Category Archives: Classroom Gardening and Composting

One Day In May Big School Garden Dig

Today is one of my favorite days of the year when I am the most proud of my students and school. It is our annual One Day In May project where classes are cancelled for our entire school and students and teachers spend the day volunteering in our community.

This year my school garden project was a site for ten volunteers throughout the day.

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I had no intention of expecting the students to work so hard. But as we dug the sod to level the raised beds we discovered our soil was full of gravel.

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Still, the students kept up a great attitude throughout the day.

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We accepted nearly-level as good enough and completed four frames by the end of the day.

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The garden club starts tomorrow and will pick up where we left off. They will set the remaining frame, build one more, and fill all of the beds with compost, peat moss, and perlite. Then, finally, we will plant some seeds.

I honestly expected to have much more done by the end of the day, but given the road blocks we ran into, I am so impressed by what we managed to accomplish. I am so grateful for these students who worked so hard all day and didn’t even get to participate in the fun part of actually planting vegetables.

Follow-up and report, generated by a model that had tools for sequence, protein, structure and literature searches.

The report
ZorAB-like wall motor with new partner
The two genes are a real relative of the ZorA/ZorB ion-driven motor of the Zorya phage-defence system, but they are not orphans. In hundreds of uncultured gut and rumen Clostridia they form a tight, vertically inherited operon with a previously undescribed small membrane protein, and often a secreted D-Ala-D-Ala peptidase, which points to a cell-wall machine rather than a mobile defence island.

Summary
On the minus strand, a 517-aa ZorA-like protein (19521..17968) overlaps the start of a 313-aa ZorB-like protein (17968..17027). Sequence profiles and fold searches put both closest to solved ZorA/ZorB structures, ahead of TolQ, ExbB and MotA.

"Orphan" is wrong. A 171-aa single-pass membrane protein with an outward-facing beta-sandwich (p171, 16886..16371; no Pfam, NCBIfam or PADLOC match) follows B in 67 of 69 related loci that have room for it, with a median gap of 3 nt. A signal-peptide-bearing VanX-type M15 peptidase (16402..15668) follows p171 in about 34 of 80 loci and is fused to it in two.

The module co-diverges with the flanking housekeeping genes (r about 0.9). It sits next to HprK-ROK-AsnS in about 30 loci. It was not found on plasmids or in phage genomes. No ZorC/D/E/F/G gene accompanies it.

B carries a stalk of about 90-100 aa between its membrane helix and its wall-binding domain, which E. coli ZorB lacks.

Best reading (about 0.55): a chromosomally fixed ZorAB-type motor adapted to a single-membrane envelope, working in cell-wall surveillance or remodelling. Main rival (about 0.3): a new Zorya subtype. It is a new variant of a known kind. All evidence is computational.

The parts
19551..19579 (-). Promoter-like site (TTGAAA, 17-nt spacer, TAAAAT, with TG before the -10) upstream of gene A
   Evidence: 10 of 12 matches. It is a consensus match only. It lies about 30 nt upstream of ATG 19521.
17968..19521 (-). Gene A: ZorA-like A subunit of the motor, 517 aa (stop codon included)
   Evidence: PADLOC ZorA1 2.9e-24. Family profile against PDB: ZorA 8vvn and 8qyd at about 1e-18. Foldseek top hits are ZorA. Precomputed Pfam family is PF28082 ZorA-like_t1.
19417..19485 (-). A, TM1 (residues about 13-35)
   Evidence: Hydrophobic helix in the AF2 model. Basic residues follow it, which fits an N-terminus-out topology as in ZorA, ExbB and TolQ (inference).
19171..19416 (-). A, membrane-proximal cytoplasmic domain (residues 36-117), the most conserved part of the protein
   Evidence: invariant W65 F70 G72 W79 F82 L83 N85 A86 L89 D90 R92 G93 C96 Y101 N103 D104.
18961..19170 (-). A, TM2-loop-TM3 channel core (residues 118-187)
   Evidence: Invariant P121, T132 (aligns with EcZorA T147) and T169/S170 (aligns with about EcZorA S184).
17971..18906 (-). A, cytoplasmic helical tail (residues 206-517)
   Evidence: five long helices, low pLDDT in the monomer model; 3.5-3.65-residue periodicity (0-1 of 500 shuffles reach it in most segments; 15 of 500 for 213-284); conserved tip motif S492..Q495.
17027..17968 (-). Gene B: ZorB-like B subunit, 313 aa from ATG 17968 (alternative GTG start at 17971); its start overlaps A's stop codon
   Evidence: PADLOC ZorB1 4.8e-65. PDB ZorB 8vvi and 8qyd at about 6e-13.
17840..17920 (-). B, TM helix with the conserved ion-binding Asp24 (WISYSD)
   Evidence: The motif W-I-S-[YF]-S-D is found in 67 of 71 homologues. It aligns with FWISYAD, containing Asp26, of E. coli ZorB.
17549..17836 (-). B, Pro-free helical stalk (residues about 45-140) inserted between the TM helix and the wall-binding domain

A summary of my day would be incomplete without a HUGE thank-you to our Blue Zones community coordinator and all of the help and resources she has sent our way.

I am the very best kind of exhausted and looking forward to a rewarding summer.

I hope what you've read is useful! I post here biweekly with resources for Family and Consumer Sciences and Home Economics teachers and share my classroom happenings much more frequently on Instagram, Twitter, and Facebook. Sign up to receive an email when new content is added to my blog. Thanks for visiting!

Sustainability Mini-Unit a.k.a. “Plan in a Can”